It is said that a rising tide lifts all boats. The maxim applies to cruise ships, as well; a surging economy over the past few years has lifted ship construction to unprecedented levels.
In 2019, nearly two dozen ships are scheduled to be delivered to an ocean cruise industry that already operates more than 300 vessels worldwide. But two types of ships are more popular than others.
Increasingly, the order book looks like a barbell with a lot of big ships at one end, a lot of small ships at the other and very little in between. The bulk of the 22 ships scheduled for delivery next year are either under 530 passengers or over 3,000.
Only two fall into the middle ground: the Viking Jupiter, another in a series of 930-passenger ships ordered by Viking Ocean Cruises, and the Spirit of Discovery, a 972-passenger ship ordered by U.K. operator Saga Cruises.
The trend toward gargantuan ships has been underway for awhile, but the swarm of small ships is somewhat new. No fewer than 10 ships are set to be delivered next year for expedition cruising, which is breaking out of its niche to become one of the hottest trends since river cruising took off a dozen years ago. Operators range from established names such as Hurtigruten and Celebrity Cruises, which is building a single-destination ship for the Galapagos, to relatively unknown names such as Oceanwide Expeditions.
Two companies, Germany's Hapag-Lloyd Cruises and the French line Ponant, each plan to take delivery of two expedition ships next year. Those four ships combined will carry fewer than 1,000 passengers.
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Meanwhile, in the luxury segment, Ritz-Carlton, a big name in land-based hospitality, will make its cruise debut with the highly anticipated Azora. The 298-passenger ship being built for the Ritz-Carlton Yacht Collection is scheduled to be delivered in November and arrive in Fort Lauderdale in time for the 2020 Super Bowl in Miami.
Aiding the trend toward multiple small ships is their relatively modest cost. While the biggest ship due next year, Costa Cruises' 5,000-passenger Costa Smeralda, is budgeted at an even $1 billion, the Azora will cost about a fifth of that, and the 100-passenger Celebrity Flora will cost only $60 million.
The expedition fleet is mostly built at lesser-known yards, such as De Hoop in the Netherlands or Vard in Norway, which don't have the long backlogs of the big yards and can therefore deliver more quickly.
On the other end of the scale, big ships of more than 3,000 passengers are coming for Royal Caribbean International, Norwegian Cruise Line, Carnival Cruise Line and Princess Cruises. Costa Cruises and MSC Cruises are getting two ships each with capacity for more than 4,000 passengers, fed in part by a rivalry in China.
"This market is a global priority, and we are committed to serving it with our very best ships and products," MSC Cruises CEO Gianni Onorato said in announcing the MSC Bellissima's deployment to Asia in the spring of 2020. The 4,500-passenger Bellissima, due in March 2019, will sail initially in the Mediterranean.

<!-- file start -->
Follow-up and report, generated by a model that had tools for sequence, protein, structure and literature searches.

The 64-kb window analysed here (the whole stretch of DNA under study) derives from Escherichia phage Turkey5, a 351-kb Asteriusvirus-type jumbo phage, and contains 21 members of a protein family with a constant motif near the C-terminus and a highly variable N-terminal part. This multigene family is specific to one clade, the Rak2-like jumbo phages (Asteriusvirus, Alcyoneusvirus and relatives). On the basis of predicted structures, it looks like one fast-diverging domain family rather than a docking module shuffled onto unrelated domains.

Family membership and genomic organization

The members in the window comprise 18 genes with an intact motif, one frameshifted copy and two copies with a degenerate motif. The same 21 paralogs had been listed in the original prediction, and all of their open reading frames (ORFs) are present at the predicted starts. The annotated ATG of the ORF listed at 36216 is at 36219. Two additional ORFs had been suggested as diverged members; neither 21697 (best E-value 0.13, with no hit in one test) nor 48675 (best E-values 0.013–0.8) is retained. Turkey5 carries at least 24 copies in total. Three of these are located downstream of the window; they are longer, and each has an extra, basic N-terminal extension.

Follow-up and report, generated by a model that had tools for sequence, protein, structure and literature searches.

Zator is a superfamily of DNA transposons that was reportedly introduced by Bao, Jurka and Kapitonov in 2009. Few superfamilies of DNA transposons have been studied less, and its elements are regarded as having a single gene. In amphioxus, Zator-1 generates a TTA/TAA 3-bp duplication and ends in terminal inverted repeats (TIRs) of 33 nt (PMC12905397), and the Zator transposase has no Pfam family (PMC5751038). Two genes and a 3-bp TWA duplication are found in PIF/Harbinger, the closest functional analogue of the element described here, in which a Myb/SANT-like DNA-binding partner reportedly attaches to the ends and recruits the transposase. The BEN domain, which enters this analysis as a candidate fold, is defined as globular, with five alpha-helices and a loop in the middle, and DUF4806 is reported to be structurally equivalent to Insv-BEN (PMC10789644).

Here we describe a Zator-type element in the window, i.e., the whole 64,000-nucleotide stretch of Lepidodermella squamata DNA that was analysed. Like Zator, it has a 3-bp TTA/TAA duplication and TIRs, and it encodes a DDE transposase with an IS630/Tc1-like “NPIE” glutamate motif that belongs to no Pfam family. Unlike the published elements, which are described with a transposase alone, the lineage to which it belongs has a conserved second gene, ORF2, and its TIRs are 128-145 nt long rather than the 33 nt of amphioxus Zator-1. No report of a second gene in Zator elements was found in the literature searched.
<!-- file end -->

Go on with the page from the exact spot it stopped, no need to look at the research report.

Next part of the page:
Meanwhile, Viking has the midsize segment mostly to itself in 2019, as it marches toward a goal of 16 930-passenger ships by 2027.
Bowing to the environment
A second trend likely to accelerate in 2019 is the increasing emphasis on sustainability and environmental best practices.
The wave of operators eliminating certain single-use plastics on their ships, such as straws, became a tsunami in 2018, and in 2019 small-ship operators are taking aim at the plastic water bottle by distributing aluminum bottles to guests and providing water-filling stations.
Larger operators say it will take time to meet the requirements of public health regulations regarding widespread use of filling stations but that they're working on the concept as a midrange goal.
"There are things we are exploring there, but we're definitely in the exploration phase," said Frits van der Werff, vice president of food and beverage at Holland America Line.
Propulsion is another area that will be in transition in 2019. The Costa Smeralda will be the second large cruise ship, after this year's AidaNova, to be powered entirely by liquefied natural gas.
Also scheduled to be delivered in 2019 is a hybrid Hurtigruten expedition ship that will have the ability to run for 30 to 45 minutes on battery power. The 530-passenger Roald Amundsen will be the first cruise ship with that capability, one that Hurtigruten CEO Daniel Skjeldam wanted for its reduced air emissions.
All of Hurtigruten's ships also run on light fuel oil as opposed to more polluting heavy fuel oil, or bunker fuel. Indeed, there's an incipient movement to phase out the use of bunker fuel in cruise ships.
"I think the financial communities will be much more focused on this going forward," Skjeldam said. "We see that in Norway. The finance institutions that are financing us are focusing on it. The owners ask us. I think the shareholders will focus on this going forward."
In the short term, cruise lines are using scrubbers to remove sulfur dioxide and nitrous oxide from exhaust. All of the large oil-fueled ships to be delivered in 2019 will use the technology.
* This article originally appeared on Travel Weekly